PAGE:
Battle Creek, Mich., Apr 30, 2019 / 02:47 pm (CNA).- When two Michigan high school students were planning for a community service project, they decided they wanted to help younger children learn to pray. So, they fundraised, designed, and managed the construction of a chapel and Marian shrine for the local Catholic middle school.
Adam Sprague is a junior and Jacob Thome is a freshman at St. Philip Catholic Central High School in Battle Creek, Michigan. As part of earning their Eagle Scout badges, Sprague oversaw construction of a Blessed Sacrament chapel and Thome worked to build a Marian grotto.
Father Christopher Ankley, pastor of St. Joseph Catholic Church, was involved with both projects. He told CNA that St. Joseph Catholic Middle School was in need of more prayer spaces, especially for students at the school.
“Just to have the Blessed Sacrament in the school is a good way to have that presence of Jesus with them all the time and to help them grow closer to our Lord and holiness,” he said. “It’s just one way to increase our Catholic identity and stress the importance of our faith.”
Both Sprague and Thome initiated their projects last year and completed them in December. As part of the Eagle Scout initiative, the students had to manage volunteers and work with interior or landscape designers on the projects’ layouts.
Sprague fundraised over $4,000 for the project by promoting it after weekend Masses. The money was used to purchase altars and pews. A local construction company donated free labor and tile, and a parishioner, who is an interior designer, also consulted on the chapel’s layout.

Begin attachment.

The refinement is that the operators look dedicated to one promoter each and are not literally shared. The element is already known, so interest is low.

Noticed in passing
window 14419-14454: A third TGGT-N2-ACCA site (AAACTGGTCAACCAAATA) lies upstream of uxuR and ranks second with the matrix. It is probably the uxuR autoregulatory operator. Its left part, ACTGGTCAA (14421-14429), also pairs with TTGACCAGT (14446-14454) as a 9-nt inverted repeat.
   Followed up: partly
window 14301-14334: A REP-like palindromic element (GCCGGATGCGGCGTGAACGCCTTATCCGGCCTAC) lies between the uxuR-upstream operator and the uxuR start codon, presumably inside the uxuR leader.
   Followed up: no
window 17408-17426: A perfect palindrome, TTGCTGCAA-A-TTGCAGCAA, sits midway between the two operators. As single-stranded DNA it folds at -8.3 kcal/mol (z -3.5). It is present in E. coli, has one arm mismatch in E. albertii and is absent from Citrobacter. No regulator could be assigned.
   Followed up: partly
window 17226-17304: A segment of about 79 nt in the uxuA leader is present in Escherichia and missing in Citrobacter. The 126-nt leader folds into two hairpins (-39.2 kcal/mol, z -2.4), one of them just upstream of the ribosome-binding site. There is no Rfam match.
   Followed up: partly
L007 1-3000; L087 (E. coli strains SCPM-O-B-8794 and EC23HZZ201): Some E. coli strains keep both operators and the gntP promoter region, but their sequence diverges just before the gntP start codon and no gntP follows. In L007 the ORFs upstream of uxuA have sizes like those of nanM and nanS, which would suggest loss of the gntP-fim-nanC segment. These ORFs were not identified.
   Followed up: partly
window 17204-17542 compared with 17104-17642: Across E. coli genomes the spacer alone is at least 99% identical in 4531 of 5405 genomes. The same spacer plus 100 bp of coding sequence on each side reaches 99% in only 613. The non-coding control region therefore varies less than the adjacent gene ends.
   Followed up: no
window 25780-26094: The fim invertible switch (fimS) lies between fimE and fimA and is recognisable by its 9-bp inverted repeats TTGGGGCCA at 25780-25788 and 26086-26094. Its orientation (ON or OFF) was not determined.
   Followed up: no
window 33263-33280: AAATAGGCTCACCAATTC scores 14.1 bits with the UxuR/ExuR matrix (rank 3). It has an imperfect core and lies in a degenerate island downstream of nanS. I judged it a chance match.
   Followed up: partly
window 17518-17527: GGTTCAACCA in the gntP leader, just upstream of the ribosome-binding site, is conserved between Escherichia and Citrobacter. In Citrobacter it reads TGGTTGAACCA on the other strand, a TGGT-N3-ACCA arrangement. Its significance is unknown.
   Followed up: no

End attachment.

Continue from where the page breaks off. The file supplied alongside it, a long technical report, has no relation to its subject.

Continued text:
“I’m just glad how everything came together especially so that we can have kids start praying more and getting closer to God. I think it’s really special that there is adoration in there every Friday to increase that faith formation,” Sprague told CNA.
The chapel is named after St. Jose del Rio, a 14 year-old martyr who was executed for his faith during the Cristero War in Mexico. Sprague said the name was voted on by the middle school students, noting that the saint best represented the community.
“We have a very diverse community,” he said. “We wanted to go with the saint that they could connect with. We wanted them to be represented in terms of the name.”
Father Fred Adamson, Sprague’s uncle and the vicar general for the Diocese of Phoenix, procured a first class relic of the saint for the chapel. Sprague said the relic’s presence in the chapel will benefit the students’ faith journey.
“Sometimes if the kids don’t necessarily have a good connection with God, a good foundation, it’s hard” for them to establish a strong Catholic faith, he said. “Just having a physical piece of the saint, I think will help a lot of the kids along with their faith journey,” he later added.
With adoration each Friday, the chapel is already being used by students and teachers.
Thome began fundraising for the Marian Grotto in September by announcing his project after several Masses. He told CNA that he received nearly $5,000, which he used to purchase the Marian statue, trellis, and landscaping materials, including plants and benches.
He said St. Joseph Church, located across the parking lot from the school, was not a convenient location for prayer, especially during the winter time. He said the Marian Grotto, which is located close to a hill at the entrance of the school, has already been used for prayer, especially the rosary.
“I think prayer is important. It can bring you closer to God and Jesus. Especially in middle school, it’s important to start your prayer life early, to become closer to God, which will benefit you later in life,” he said.
Father Ankley emphasized the importance of prayer. He said areas reserved for prayer are vital for students, noting that young people need an opportunity to be removed from the distracting noises of the world.
“We all need that time and place for just a little bit of quiet to hear our Lord because he is always reaching out to us, always wants to be with us.…he is always pursuing us.”
The priest expressed gratitude for the students, highlighting the strong faith of these young men who have taken up a role in the Church now instead of waiting for the future.
“Sometimes we talk about how students are the future of the Church, but they are the Church right now. They have their place in their Church,” he said.
This article was originally published on CNA Feb. 10, 2019.
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